“THE HORSE DID IT!” I roared at Detective Inspector Redfern, pointing at the nervous beast in the box behind me. He rolled his eyes. The Detective Inspector, not the horse. This was my only chance to solve the murder of Beggy, the jockey, and save myself.
“You, braindead ululating crumpet! You snuck into my crime scene to – what?- brighten my sad little day up?” I kept out of his and the horse’s reach. My jaw still had vivid memories of the time he caught me good with his famous left hook, and no way I came close to that thing. Continue reading “Improbable”
The emptiness in Jack’s chest is drilling ache. The skin feels numb and knotted under his sweaty shirt. His fingertips trace the long pink scar on his breastbone.
There is no reason to rush things.
The surgeons have saved his life. He wonders if it has been worth it. They take away that weak heart. Jack imagines how they pry him open, strip him bare of that sick metronome of his past. They steal all of who he was and hoped to be. Jack’s a new man, with new life force in his groins, a new heart to match and no memories to regret. There are no memories at all. The doctors call it amnesia. Jack calls it a blank slate.
Continue reading “Heartless Jack”
The bulk of “Corona” rolled under me. My sweet little rustbucket drifted away from the denser part of the junkyard.
Nothing had “easy money” stencilled on the side, like old-timey electronics that belonged to nobody. All the gold and tantalum just sat there, so lonely. “Keeps me searching for a heart of gold, and I’m getting old,” I sang under my breath. Oldies were the best. Continue reading “Corona (1)”
“I admit, it was a kneejerk reaction,” John shivered. We were both nearly naked and dripping wet. The dive I took into the frozen lake was an accident, and John did his best to rescue me. He had a conscience after all. It was his fault that I broke in, in the first place. So he pulled me out, brought me back to the mansion. The blanket I had on my shoulders started itching. I hoped his itched as well. Continue reading “bruises”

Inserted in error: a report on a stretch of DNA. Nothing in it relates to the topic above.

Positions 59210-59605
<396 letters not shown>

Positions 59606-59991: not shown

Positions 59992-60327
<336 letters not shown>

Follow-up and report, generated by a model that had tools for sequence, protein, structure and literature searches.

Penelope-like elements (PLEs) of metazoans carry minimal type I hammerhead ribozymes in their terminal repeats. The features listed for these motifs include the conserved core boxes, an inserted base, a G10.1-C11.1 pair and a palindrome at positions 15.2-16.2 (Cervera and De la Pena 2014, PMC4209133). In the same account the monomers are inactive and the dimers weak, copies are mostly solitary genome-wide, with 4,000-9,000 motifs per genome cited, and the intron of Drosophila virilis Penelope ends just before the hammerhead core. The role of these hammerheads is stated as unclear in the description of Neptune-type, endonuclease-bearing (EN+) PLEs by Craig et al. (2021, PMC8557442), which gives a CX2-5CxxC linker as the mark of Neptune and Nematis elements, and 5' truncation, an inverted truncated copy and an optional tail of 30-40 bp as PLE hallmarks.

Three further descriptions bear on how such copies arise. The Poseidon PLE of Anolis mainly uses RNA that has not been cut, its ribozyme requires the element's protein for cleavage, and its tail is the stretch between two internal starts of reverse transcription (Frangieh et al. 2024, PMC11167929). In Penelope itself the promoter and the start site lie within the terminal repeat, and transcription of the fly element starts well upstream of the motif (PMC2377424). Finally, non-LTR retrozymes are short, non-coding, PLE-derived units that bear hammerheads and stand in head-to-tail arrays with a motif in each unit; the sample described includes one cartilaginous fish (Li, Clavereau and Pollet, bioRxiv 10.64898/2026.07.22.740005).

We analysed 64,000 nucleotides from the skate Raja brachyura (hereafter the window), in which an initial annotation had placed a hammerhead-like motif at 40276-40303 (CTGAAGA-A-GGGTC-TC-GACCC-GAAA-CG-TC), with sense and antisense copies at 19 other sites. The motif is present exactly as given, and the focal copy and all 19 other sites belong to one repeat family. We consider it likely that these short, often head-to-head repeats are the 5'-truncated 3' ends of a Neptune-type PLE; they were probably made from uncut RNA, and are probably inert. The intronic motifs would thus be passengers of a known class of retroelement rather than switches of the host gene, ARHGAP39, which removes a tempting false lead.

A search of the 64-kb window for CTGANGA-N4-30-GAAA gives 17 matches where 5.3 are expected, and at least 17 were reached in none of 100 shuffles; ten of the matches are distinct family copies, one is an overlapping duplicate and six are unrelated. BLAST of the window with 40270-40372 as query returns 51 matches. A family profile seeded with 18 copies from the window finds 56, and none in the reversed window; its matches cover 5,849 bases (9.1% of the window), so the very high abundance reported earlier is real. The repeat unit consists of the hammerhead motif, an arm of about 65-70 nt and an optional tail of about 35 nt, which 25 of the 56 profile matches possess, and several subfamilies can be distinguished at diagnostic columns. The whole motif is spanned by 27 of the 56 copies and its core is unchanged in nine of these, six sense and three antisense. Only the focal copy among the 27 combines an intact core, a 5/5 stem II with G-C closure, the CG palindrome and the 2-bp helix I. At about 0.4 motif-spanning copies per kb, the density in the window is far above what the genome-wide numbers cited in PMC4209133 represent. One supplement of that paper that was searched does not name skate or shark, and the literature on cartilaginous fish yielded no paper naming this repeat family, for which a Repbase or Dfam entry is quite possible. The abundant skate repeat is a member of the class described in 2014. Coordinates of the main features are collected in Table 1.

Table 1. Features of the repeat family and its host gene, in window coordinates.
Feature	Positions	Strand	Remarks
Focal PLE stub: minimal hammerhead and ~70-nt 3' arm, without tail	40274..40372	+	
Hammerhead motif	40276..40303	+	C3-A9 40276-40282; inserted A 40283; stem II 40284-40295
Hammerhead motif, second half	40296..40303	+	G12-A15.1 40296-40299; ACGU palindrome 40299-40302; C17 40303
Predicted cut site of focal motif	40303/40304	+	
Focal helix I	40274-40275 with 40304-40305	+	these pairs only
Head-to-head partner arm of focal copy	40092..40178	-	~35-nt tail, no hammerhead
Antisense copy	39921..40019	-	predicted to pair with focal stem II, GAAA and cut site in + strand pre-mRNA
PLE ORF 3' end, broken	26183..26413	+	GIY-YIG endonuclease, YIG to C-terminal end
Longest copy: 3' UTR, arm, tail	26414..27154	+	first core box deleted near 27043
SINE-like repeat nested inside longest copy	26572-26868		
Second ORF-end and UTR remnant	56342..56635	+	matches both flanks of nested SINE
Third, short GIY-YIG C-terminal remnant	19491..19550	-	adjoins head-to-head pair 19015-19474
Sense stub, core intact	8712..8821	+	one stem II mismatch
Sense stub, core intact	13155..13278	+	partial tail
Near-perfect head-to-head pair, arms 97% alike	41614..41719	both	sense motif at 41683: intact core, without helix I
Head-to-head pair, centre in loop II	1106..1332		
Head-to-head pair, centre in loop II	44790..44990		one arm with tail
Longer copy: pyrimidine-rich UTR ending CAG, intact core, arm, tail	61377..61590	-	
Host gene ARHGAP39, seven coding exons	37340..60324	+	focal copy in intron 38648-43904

First time I met consul Niishima, I was preparing tea for the European diplomats. I had that part of the embassy, the guest wing, and the lower common kitchen to myself, so I din’t bother to close any of the doors. The meeting was scheduled that early afternoon.
A tall handsome man manifested in the doorway. I nearly dropped the tray with the cups and napkins. Back then, I didn’t know who he was. I threatened to call security on him. He smirked and said he was going to steal some cakes. Continue reading “Consul”
My Norse jars through the blizzard. Last century, my words were softer, not so alien to my own ears and tongue. The night howls around me, insulating me from any suicidal hikers or locals on the trail.
The clump of ancient firs is the only peaceful place now.
As if the squalls know not to disturb the place. The red markings on the trees and the snow steam.
I call out the sentinel, curious what form it’ll assume. Continue reading “Back Home”
I ran out of luck today.
My landlord cornered me in the laundry room. I evaded him for two weeks, but not today though. “Your fucking dog keeps yapping the whole goddamned night.” He spat on my sneakers. Mr. Garbagegoblin, as I called him, was as pleasant as explosive diarrhea. I grabbed my wet shirts and stuffed them into the dryer. He stepped closer. The smell of his armpits hit me.”Shut it up! Or you’re out!” He barked into my face, breath wafting with rotten teeth and whiskey.
“But he hasn’t barked yet because he’s a good dog. Even if he’s a cat.” I tried. Continue reading “No Barking!”